Luggage lugging in paradise
The next phase of hard labour started when we arrived in Nuku Hiva: we needed to get the stuff we wanted to keep off the boat, stored away and shipped to the US. For that, we enlisted the help of Kevin at Nuku Hiva Yacht Services. Not only did Kevin give us some old suitcases, but he also lugged our stuff up his stairs for storage and gave us access to his loft so that we could sort things out and weigh the bags before leaving. Our initial thinking was to take the bags with us. But our estimate of how many suitcases we would end up with was way out: we thought six – ended up with twelve. So, Kevin sorted out transport to Tahiti, where Tahiti Crew will be taking care of their onward journey to the US.
The Moody 425 holds an incredible amount of gear. We had already gifted a lot of stuff in Hiva Oa and Tahuata, but still had more things to get off the boat, even after offloading the 12 bags. Our friends Carolyn and Andrew bought some of the provisions we bought in Fakarava. And they arranged for the excess to go to a local charity in the form of care packages, to which many other sailors in Taiohae Bay also contributed.
Hello revamped Taiohae Bay
The place has been brushed up a bit since the last time we visited. The road is finished, the Marae revamped, and there’s a cleaner look all around. It was also the run-up towards Christmas and workmen were in the process of transforming the town’s tree into a Christmas tree: a major operation keeping at least four people and a cherry picker busy each day for a fortnight or more. The result was handy for the motley crew. We used it as a landmark to find our way back to the boat after our preparations for Christmas involving copious quantities of alcohol – especially after visiting the Fat Susan crew who have been superstars.
And we decided to get Lady Jane into the festive spirit by bringing the lights out. We can’t take any credit for the Christmas tree shape – that’s all Ulrike’s idea.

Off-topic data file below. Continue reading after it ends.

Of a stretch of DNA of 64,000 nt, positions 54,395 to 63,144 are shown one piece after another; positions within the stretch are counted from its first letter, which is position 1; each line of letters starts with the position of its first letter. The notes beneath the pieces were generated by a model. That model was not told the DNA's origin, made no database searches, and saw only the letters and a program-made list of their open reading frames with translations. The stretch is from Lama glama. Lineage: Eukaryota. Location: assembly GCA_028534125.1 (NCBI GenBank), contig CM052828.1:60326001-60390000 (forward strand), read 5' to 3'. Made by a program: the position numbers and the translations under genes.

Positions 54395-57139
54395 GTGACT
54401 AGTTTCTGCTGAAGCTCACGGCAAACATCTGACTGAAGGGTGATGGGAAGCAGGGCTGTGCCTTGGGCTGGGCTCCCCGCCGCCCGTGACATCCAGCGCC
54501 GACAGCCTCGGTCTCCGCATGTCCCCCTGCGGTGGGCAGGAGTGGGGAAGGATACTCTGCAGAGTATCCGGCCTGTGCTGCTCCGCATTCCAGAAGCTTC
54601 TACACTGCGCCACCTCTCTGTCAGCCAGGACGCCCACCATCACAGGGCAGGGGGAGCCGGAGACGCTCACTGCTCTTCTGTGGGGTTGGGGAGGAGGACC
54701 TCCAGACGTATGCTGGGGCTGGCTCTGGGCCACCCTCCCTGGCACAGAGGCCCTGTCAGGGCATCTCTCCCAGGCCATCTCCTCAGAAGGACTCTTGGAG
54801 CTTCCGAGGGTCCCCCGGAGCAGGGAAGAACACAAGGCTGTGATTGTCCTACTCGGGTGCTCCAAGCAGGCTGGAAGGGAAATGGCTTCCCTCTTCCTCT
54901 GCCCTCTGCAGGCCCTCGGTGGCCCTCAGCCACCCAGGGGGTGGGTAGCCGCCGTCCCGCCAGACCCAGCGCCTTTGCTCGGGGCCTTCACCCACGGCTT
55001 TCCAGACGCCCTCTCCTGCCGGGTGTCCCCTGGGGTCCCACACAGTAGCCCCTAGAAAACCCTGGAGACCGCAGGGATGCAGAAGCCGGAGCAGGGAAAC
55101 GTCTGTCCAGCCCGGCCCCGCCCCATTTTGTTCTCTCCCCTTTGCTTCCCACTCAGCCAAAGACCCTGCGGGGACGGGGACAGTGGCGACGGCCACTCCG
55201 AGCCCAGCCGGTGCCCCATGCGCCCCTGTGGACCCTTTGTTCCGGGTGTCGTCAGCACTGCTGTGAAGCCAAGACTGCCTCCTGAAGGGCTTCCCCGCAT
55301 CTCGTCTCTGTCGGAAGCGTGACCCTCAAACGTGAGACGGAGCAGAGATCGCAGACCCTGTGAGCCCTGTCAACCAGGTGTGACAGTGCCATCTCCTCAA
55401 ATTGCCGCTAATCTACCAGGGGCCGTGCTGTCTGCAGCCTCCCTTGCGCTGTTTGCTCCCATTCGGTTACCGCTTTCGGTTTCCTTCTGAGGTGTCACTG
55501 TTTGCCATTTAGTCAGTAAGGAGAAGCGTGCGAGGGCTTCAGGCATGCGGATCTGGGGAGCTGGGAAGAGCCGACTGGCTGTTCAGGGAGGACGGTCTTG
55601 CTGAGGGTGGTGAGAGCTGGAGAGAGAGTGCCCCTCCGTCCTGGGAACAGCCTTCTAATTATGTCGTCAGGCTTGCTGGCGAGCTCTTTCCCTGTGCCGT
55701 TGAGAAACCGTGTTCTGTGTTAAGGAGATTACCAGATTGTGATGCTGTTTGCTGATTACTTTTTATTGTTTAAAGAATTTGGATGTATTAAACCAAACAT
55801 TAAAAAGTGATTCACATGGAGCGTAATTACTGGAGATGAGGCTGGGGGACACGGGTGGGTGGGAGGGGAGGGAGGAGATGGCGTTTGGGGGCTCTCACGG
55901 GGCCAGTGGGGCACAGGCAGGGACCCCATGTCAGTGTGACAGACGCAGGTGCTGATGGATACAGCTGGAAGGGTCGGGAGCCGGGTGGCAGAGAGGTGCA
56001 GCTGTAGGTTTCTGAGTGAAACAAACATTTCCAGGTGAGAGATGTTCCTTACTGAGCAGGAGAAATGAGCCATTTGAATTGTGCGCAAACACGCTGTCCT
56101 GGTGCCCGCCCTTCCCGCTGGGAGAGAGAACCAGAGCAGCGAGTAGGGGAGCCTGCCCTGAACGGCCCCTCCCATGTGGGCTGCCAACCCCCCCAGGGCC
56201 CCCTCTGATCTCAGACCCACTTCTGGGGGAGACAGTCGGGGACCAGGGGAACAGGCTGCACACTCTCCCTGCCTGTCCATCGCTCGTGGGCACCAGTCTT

Bring on the dancing girls
Maria, Carolyn and Ada attended Tahitian dancing classes in the run-up to Christmas. And on Friday, we fellas received an invite to watch. Even in that short time, they had become pretty good. It’s all in the hips and has nothing to do with shaking yer bum. The teacher explained to Maria ‘That’s sexy and we don’t do sexy.’
Goodbye Lady Jane. Hello Bella
It’s been so busy that it’s been impossible for us to get sentimental about selling Lady Jane, but we do have mixed feelings. She’s looked after us in the five years we have had her and has never let us down. For that, we are very grateful. But we know that Matthias and Ulrike will look after her and continue to improve her.
We couldn’t have wanted for better buyers. They invited us to look at their existing boat – a Hallberg Rassy 352 – and it’s immaculate. Matthias spent months preparing that boat before setting off across the Atlantic. He stripped out the interior, rewired and replumbed it and installed a new engine. The bilges are whiter than an arctic winter, and there’s not a drop of moisture in them. It’s a showcase of good craftsmanship. Lady Jane is in good hands.
Lady Jane officially changed hands on the 17th December at 1000 and Matthias, and Ulrike changed her name to Bella. The name change might seem a bit hasty, but they needed to photograph the back of the boat with the name and port on it to register the vessel in Germany.